They love their maintenance-free lifestyle that allows them to pick up and travel whenever they want. Both avid gardeners, Len and Marcia can still tend to their garden at Asbury Pointe, and they love that they don’t have to cook if they don’t want to. “The food here is fabulous,” says Len. “And we’ve made so many friends. It’s like family here! There’s plenty to do, and the staff is exceptional.
“The defining moment in the downsizing process is when you make the decision to move,” adds Len. “The rest is just commentary.”
Downsizing Made Easier. Ask the Pro
Jamie Shaner has been an organizational specialist and senior move manager for 12 years, since starting her business, Home Solutions of WNY, Inc., in 2005. She has helped many go from huge homes to smaller living spaces, such as retirement communities. She prefers to call it “rightsizing” and says it’s never too soon to start the process.
“In Western New York, most homes have attics, basements, garages, lots of closets — these are the places where our ‘postponed decisions’ end up. We keep things because we have the space to do so. When it’s time to think about downsizing, it can be very intimidating and that’s why people put it off,” says Shaner.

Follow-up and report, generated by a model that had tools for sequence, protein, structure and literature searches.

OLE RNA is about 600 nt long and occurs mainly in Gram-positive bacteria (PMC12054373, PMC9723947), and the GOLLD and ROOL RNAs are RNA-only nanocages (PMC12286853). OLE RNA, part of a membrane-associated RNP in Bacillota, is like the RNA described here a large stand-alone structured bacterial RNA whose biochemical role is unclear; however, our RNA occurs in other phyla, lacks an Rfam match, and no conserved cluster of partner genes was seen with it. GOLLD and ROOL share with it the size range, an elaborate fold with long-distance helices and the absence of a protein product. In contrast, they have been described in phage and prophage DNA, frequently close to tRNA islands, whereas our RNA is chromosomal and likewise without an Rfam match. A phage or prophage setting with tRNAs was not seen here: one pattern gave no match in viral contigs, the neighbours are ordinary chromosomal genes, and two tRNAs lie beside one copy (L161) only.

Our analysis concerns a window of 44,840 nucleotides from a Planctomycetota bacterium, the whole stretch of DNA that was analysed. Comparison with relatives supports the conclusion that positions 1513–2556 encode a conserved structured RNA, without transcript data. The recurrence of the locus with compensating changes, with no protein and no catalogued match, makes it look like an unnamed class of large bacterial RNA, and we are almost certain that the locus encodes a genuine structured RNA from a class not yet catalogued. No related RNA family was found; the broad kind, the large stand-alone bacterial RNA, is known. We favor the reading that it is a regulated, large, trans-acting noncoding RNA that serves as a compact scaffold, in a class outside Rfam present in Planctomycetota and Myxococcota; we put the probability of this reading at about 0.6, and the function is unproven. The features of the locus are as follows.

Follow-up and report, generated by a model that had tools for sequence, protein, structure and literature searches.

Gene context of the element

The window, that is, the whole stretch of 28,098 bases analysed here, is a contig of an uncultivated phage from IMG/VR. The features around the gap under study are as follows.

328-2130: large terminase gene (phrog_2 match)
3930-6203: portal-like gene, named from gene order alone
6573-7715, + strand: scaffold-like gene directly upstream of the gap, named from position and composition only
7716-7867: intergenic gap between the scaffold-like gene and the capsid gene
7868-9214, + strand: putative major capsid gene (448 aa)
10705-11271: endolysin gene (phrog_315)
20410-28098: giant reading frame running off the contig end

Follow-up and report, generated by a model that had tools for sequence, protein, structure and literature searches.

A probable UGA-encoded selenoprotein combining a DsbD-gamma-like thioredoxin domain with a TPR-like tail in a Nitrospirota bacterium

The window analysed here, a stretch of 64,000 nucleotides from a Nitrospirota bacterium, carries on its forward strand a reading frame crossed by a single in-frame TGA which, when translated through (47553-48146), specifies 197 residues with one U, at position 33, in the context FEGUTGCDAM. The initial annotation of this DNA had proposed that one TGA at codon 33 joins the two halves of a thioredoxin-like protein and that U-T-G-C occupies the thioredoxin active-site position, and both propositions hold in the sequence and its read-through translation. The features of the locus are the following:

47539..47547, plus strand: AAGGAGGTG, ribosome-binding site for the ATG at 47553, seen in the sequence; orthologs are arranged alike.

The process of moving always takes longer than people realize, so the longer you have to go through your things, the less pressure there is, says Shaner. You’ll have more control and make better decisions when you can take your time, which is why she recommends starting the process even before the decision to downsize has been made.
“There are emotional and mental health benefits to getting rid of clutter, to reducing the amount of items in a home,” says Shaner, who knows from experience that family members often don’t want Mom and Dad’s “treasures,” collectible items or large pieces of furniture, making them more difficult to get rid of.
How does she help a client downsize or rightsize?
“I start with a walkthrough and free consultation,” says Shaner. “I will ask questions such as, ‘Do you know where you’re going?’ ‘How much space will you have?’ ‘What are you allowed to take?’ ’Will you have a meal plan?’ That helps me determine how best I can help my clients and determine what other vendors — such as estate sale, antique experts, movers, etc. — will be needed.
I also recommend clients start putting “like” objects together so it’s easier to see what they have and what they won’t need.”
Shaner encourages her clients to be realistic about what to take. If they’ll be taking most meals in the dining hall, they don’t need as many kitchen items or sets of dishes. If the new living room is smaller, they won’t need a couch and a love seat. “If you’re going in to senior living, it has to be a safe environment,” says Shaner. “Most, for example, won’t allow candles. And you want enough space to potentially navigate a walker or wheelchair. These are things to keep in mind when considering what to take with you.”
And while she understands the emotional value in memories, Shaner knows you can’t keep everything. She recommends taking photos of items before releasing them and creating photo albums of memories. That way, “you hold on to the memories, but the items go to people who need them more than you do now.”